Feargus O'Sullivan is a contributing writer to CityLab, covering Europe. His writing focuses on housing, gentrification and social change, infrastructure, urban policy, and national cultures. He has previously contributed to The Guardian, The Times, The Financial Times, and Next City, among other publications.
Conservatives want to power-wash the city of its intrinsic character—which includes pot shops and sex shows, but also a uniquely Dutch balance.
Amsterdam is “dirty, filthy, and too full." Such is the damning verdict of Wim Pijbes, director of the city’s Rijksmuseum, who feels so strongly about the state of Amsterdam that he published an open letter last weekend about it in the Dutch Newspaper NRC Handelsblad. A diatribe attacking both Amsterdam’s tourist business and its basic services, Pijbes list of targets was long: Segways, short-stay private accommodations, scooters, canal cruisers—“the most polluting form of tourism”—and pedal-powered beer tourers all got it in the neck, as did Amsterdam’s soft-drugs market and red light district. Pijbes also criticized the city's “medieval way of dealing with rubbish. In the wealthiest areas of the land trash bags are regularly ripped open, eaten by seagulls, rats, and other vermin." Making the city sound like a plague ship, Pijbes concluded that, "The charm and spirited character of Amsterdam has long since faded."
This is all fighting talk, but there’s a problem with it: Many people don’t think it’s true. Snapping back, Theodor Holman, columnist at Het Parool, noted that Amsterdam has actually continued a tradition of tidiness stretching back to the Dutch Golden Age:
When I’ve come back to Amsterdam in recent years, what’s stuck me is the cleanliness … [And] culture, including Amsterdam, benefits from some decay. Why do I love Victor Hugo? Because he described the filthy Paris so masterfully.
Amusingly, several commenters supporting Holman’s piece have accused Pijbes of the dire crime of wanting their city to be like Rotterdam. Elsewhere, a spokesperson for city-promotion body Amsterdam Marketing has noted that, rather than being especially dirty, canal cruisers now overwhelmingly run on electricity and gas. Meanwhile, Michael Veling of the Dutch Cannabis Retailers Federation has not unpredictably branded Pijbes a killjoy. “Given his age, Pijbes has probably smoked a joint,” he said. “Too bad that he now puts us in a lineup with trash overflow and other nuisances."
It’s understandable that Pijbes’ feels strongly. Museumplein, the square outside the Rijksmuseum, receives five million visitors a year and frequently bears the brunt of the masses' mess after national holidays like King’s Day. His rant is nonetheless just one blast in an ongoing culture war in Amsterdam, a debate about the city’s core and its proper future. Conservatives insist that Amsterdam is paying too high a price for its anything-goes culture, degenerating into dirt and sleaze. Liberals maintain that there’s an attempt to manufacture a sense of crisis in order to push gentrification, property speculation, and its associated social cleansing.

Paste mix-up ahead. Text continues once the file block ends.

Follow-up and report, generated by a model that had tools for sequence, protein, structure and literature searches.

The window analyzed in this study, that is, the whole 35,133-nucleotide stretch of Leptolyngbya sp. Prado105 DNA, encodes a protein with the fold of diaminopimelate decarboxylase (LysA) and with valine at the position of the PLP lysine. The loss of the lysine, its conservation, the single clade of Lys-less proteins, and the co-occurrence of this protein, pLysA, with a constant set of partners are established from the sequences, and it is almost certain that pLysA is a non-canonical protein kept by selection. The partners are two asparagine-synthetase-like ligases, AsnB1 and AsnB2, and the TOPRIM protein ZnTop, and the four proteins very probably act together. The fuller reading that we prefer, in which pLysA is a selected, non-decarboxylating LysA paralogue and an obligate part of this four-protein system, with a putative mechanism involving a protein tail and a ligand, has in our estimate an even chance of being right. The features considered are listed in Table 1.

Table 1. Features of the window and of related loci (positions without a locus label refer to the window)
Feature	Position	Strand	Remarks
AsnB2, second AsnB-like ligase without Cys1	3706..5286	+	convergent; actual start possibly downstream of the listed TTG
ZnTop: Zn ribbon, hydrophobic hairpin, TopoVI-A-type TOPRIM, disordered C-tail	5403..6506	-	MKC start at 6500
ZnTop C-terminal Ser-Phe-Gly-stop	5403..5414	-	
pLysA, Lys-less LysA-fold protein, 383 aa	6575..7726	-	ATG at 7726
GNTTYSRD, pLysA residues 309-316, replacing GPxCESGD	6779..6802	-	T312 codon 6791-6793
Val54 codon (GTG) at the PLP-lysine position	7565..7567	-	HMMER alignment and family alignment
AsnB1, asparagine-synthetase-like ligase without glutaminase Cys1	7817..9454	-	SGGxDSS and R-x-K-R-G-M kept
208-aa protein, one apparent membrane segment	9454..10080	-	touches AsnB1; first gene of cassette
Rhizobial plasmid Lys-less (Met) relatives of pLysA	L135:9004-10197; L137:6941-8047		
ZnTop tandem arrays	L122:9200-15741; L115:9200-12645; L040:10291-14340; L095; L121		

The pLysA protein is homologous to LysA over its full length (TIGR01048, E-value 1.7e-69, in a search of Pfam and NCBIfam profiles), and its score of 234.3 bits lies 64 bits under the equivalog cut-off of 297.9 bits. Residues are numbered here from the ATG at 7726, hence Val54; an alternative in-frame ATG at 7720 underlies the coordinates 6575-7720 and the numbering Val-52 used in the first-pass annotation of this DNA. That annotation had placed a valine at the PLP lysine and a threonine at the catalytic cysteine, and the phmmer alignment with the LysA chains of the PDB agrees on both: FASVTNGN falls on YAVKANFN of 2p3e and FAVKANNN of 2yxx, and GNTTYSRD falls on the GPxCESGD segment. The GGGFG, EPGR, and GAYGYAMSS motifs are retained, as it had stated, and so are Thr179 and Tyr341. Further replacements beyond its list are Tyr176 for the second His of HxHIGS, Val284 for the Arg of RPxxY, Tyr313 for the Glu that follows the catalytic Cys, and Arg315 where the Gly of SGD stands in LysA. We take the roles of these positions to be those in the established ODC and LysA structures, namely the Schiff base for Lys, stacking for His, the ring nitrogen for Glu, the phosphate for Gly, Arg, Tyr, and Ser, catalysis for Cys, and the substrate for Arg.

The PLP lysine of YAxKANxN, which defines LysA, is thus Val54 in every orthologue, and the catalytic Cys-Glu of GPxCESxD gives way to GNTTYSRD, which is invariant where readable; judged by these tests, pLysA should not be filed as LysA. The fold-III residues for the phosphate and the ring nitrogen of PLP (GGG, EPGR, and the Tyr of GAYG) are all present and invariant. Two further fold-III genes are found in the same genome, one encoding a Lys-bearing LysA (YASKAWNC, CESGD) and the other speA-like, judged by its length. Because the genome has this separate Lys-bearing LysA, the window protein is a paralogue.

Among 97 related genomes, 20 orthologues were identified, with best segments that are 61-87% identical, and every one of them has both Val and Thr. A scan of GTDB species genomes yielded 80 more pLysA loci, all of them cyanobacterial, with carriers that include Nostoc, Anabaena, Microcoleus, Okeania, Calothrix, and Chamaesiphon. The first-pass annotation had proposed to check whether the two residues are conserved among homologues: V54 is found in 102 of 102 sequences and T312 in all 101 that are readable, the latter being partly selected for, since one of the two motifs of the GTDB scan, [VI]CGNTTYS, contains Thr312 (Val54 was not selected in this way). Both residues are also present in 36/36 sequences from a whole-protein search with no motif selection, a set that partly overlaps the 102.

The focal point for this debate has so far been Project 1012, a regeneration plan so named after the zip code of Amsterdam’s red light district. The project is shutting down many of the area’s famous sex-worker windows as well as a clutch of coffee shops (where marijuana is also sold and publicly smoked). As this video shows, the idea is to hand the premises over to artists and other creative workers. For opponents, this process is little more than artwashing. With the fresh batch of creatives all on temporary contracts, the arty tenants are really being used to sanitize the red light district to prepare it for a new breed of wealthier occupant. For defenders, it’s an essential step in reclaiming part of the historic city for people who the sex industry discourages from visiting.
This isn’t a clear-cut issue. Wanting a tidier, cleaner city is no crime, nor is disliking the sight of beered-up visitors honking past you on a glorified go kart. If most Amsterdammers want their city scrubbed from top to bottom, then it’s a goal they should be free to pursue. But there is a certain honesty deficit in the arguments of the pro-cleanup camp. Amsterdam has certainly transformed recently, but it isn’t really getting dirtier or sleazier. In fact, the city is a fair sight tidier, primmer, and richer-looking than it was 20 years ago, its beauty primped and burnished despite the odd garbage-collection mishap.
It now seems implausible that the pretty, chi-chi Jordaan area was once a working-class area, while gentrification has also extended its tentacles into former proletarian strongholds like De Pijp and the Old East. Further out, the formerly squatted docks of Amsterdam North are gradually transitioning from hip to pricey, while city satellites like the polder town of Almere are growing fast, though thankfully along well-planned lines. These changes have their discontents, but they’re not a sign of a city going to the dogs.
And yes, Amsterdam gets its fair share of rowdy tourists, many of whom may not be classy enough to file through Pijbes’ Rijksmuseum, observing the raucous, drunken times recorded by Dutch masters like Jan Steen in appropriately decorous silence. I personally make sure I give a wide berth to crass tourists spots like Rembrandtplein (or Times Square, or Leicester Square, or La Rambla) and don’t blame others for doing the same.
Still, if Amsterdam loses its sense of license, its aura of permissiveness, and its immaculate order held in delicate balance, then it will lose some of its delight, its uniqueness—even its Dutchness. Some locals may want to tidy up, but they shouldn’t forget that there’s still a baby splashing around in Amsterdam’s dirty bath water.